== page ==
In an earlier post I talked about losing your passion, but what about finding your passion in the first place? Finding your passion is different for everyone. Some people know what they were born to do from a very young age. For the rest of us it takes time to really find our true passion. As children we often play “fireman” or “cops and robbers,” and as we grow older some of us stop dreaming. But a few dreamers remain, and thus entrepreneurs are born!
The story doesn’t stop there, though; what about those people who try several “career” paths just to decide they aren’t happy or feel unfulfilled? I know many people who started their adult life as a banker, lawyer or in the nine to five business world, but one day something tugs at the heart strings and another entrepreneur is born. What about those people who know they could do better or feel unappreciated that decide to become their own boss?
But what about the entrepreneur whose true passion was simply a byproduct produced by the business they’ve formed? Let me explain. I started in the technology field many years ago, and I loved working on computers. Solving problems for my clients made me feel amazing. Then I started hiring people to help with the overwhelming response, and I realized I was looking for people who were looking for a mutually helpful relationship.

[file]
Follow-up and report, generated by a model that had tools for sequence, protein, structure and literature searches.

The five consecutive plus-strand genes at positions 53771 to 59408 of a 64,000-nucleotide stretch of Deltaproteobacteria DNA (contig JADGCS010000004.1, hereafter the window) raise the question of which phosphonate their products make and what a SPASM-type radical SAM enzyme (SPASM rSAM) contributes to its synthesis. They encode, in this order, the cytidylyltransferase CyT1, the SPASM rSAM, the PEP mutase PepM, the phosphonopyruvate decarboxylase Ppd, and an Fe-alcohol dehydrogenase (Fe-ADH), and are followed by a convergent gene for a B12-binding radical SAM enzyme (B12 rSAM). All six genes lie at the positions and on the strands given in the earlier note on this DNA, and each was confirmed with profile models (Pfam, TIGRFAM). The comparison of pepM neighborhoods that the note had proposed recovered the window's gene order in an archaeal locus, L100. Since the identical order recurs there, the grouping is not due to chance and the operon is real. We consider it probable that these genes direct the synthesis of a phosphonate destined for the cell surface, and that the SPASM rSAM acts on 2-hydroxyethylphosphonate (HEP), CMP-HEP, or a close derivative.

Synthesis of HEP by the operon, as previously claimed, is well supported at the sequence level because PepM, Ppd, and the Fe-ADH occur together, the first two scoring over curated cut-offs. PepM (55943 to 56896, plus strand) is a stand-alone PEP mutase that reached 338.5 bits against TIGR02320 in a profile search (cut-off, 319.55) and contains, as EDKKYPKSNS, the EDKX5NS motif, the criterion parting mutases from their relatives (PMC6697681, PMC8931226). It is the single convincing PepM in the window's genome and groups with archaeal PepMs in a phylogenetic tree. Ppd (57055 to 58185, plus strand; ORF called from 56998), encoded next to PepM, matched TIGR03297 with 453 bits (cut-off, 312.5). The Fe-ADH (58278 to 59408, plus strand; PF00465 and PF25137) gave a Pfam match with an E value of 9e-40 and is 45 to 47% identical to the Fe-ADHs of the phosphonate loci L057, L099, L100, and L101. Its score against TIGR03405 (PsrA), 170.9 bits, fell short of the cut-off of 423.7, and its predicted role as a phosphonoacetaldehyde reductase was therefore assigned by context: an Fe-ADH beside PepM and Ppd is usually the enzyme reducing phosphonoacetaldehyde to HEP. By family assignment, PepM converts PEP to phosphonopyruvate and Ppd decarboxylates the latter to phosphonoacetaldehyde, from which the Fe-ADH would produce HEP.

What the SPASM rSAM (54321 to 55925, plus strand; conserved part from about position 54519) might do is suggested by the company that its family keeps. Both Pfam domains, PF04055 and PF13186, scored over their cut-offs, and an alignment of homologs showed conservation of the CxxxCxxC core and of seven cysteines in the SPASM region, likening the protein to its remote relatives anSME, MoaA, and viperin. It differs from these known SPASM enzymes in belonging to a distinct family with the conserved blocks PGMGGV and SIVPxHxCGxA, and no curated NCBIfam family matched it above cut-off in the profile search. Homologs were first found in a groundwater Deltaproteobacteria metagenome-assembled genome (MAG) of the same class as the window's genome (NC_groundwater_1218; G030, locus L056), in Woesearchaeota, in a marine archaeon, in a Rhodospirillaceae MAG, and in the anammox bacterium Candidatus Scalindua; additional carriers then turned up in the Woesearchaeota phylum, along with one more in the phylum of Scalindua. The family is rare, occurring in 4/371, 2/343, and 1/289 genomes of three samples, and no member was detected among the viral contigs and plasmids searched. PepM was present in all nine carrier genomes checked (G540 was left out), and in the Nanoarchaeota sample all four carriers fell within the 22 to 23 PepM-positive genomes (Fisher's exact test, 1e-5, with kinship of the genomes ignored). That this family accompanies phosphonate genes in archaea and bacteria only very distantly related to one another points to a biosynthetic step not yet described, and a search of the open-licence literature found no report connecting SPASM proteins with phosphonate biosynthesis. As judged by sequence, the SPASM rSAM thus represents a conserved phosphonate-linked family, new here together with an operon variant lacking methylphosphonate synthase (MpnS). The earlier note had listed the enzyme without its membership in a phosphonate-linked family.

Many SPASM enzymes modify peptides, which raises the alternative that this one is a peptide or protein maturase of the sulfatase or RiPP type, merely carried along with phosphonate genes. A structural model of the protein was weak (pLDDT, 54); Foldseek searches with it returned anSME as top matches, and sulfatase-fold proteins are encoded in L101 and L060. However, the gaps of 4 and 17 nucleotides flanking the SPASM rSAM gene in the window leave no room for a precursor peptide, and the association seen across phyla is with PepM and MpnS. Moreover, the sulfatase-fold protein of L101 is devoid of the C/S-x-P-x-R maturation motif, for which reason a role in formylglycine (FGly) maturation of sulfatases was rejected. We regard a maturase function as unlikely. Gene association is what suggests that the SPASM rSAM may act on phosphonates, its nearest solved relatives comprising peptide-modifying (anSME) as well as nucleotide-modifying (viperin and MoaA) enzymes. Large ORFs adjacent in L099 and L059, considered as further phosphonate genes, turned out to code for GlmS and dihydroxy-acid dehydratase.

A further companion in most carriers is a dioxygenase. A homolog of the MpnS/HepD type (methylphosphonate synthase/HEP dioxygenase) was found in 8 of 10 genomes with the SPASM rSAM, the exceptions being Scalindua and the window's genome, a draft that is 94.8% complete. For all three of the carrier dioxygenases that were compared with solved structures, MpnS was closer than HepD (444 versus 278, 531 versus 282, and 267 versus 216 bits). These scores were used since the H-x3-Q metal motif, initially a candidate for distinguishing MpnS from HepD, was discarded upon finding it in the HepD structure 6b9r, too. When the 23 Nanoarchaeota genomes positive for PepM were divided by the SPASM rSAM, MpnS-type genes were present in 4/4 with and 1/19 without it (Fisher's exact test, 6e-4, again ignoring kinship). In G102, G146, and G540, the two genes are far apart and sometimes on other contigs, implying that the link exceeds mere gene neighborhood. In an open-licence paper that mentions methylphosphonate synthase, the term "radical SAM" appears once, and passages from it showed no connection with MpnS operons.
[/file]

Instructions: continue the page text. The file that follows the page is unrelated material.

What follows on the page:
After twenty years in the technology industry I had a revelation: fixing tech problems was actually a bi-product. My true passion was helping people. I enjoyed helping others be successful. When I started my first business at just twelve years old, (a bicycle repair shop) it was to help the neighborhood kids keep their bicycle going. Did I make money? Of course I did, but I also helped the people I cared about! I used the money I made to help my family pay bills and treat my mom to dinner from time to time. Remember, success is not always about the money you make, it’s about the lives you touch.